• The aerospace industry employed 57,000 workers in the Gateway Cities in 1992. An additional 33,000 were employed in firms producing inputs for aerospace manufacturers, and 58,800 were employed in firms to meet demand generated by aerospace workers for goods and services. A total of 148,800 jobs were created by the Gateway Cities aerospace industry through input-output linkages, creating an employment multiplier of 2.61. For every aerospace job (or unit of work), 1.61 workers (or units of work) were supported throughout the economy by indirect and induced production.
  • Based on this data, aerospace employment in the Gateway Cities fell from 76,600 in 1987 to 34,900 in 1987, a loss of 41,700 jobs. The total indirect and induced employment generated by the aerospace industry declined form 123,300 in 1987 to 56,200 in 1997, a loss of 67,100 jobs. Therefore, we estimate that total employment connected to Gateway Cities aerospace production fell form 199,900 in 1987 to 91,100 in 1997, a loss of 108,900 jobs.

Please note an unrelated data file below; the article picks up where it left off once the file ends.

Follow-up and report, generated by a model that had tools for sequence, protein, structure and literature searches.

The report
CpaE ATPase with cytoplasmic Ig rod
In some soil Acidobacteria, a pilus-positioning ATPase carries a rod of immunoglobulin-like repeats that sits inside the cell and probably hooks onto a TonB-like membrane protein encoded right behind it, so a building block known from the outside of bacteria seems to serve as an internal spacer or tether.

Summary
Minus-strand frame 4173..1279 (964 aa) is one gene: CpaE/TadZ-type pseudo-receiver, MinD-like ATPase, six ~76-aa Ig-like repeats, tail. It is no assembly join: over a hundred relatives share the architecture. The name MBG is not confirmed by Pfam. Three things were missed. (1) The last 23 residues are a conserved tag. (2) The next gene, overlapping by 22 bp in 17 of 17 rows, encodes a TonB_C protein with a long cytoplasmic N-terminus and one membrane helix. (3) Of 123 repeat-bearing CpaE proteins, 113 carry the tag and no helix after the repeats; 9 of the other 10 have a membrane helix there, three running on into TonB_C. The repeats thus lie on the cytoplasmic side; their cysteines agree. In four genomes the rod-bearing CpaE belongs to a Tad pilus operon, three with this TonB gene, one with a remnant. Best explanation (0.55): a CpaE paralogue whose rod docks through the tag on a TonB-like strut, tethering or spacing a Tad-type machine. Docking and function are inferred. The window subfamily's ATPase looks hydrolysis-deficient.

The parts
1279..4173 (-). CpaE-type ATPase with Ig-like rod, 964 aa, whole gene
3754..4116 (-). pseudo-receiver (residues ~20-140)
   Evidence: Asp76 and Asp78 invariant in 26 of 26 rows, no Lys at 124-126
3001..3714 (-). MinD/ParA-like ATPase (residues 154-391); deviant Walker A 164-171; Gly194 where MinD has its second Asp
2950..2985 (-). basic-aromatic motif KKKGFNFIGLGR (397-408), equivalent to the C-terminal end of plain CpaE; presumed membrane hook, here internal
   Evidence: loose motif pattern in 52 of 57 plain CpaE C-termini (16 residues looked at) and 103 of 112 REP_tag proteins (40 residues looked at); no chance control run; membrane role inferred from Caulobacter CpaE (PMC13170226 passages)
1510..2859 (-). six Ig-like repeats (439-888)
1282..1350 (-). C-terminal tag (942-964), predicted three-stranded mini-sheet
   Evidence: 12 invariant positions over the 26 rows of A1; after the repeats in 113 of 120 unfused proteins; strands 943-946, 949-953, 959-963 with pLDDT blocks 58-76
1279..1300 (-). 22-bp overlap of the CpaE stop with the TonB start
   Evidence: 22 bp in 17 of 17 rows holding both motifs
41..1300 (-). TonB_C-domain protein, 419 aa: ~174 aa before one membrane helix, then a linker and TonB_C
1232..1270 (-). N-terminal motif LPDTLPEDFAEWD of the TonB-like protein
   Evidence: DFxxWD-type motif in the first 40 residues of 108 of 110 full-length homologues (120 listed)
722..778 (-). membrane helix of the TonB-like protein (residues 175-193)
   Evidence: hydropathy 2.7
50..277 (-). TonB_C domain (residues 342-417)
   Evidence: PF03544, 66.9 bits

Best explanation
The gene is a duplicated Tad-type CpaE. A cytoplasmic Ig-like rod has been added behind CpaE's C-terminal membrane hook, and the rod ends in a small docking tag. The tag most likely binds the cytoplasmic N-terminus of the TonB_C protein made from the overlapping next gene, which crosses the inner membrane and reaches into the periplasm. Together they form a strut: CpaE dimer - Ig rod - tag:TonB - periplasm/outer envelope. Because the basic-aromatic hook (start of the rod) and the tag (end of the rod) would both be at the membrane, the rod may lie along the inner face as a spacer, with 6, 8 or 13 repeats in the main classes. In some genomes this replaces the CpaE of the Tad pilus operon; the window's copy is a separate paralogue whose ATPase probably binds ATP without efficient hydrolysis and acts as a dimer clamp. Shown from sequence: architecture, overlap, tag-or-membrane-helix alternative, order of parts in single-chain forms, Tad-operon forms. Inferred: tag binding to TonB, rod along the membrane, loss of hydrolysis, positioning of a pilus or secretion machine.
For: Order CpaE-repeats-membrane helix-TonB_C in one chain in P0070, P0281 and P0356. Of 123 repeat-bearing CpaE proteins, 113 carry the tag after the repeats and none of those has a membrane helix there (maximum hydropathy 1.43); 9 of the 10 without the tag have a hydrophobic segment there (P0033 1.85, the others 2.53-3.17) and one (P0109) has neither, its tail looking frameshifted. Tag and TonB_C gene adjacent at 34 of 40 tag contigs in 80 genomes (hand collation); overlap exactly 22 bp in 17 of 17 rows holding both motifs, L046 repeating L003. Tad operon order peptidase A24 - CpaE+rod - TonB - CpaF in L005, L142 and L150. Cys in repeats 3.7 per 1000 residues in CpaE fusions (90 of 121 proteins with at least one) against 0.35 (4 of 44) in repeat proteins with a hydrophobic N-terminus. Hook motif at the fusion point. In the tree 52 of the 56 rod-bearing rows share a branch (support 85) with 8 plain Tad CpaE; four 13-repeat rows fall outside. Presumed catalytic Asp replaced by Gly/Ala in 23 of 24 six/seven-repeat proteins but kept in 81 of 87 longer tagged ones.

• Based on these calculations, we estimate that the total annual earnings of workers in the Gateway Cities aerospace industry fell from $3.36 billion in 1987 to $1.53 billion in 1997. The total annual earnings of workers in jobs supported by aerospace production fell from $3.55 billion in 1987 to $1.62 billion in 1997. As a result, total annual earnings connected to Gateway Cities aerospace production declined from $6.91 billion in 1987 to $3.15 billion in 1997.


For all occupations represented in the aerospace industry, the 1990-96 job loss was 198,697, of which 117,367, or 59 percent, was concentrated within the aerospace industry group.Los Angeles County is estimated to have over 67,000 long-term unemployed high technology workers who lost their jobs before 1994 and have not found new jobs utilizing their skills. The Gateway Cities account for at least 29% of jobs lost in Los Angeles County in the high technology sector, with approximately 20,000 long-term unemployed workers.

Chapter Headings:

  1. Executive Summary
  2. Industry Employment Trends, 1992-97
  3. Defense Contracts
  4. Input-Output Analysis
  5. Labor Market Analysis
  6. Appendix
Area of Work: Economy
Tags: Aerospace, Defense Conversion, Defense Cutbacks, industry restructuring, Job Loss, Los Angeles, Manufacturing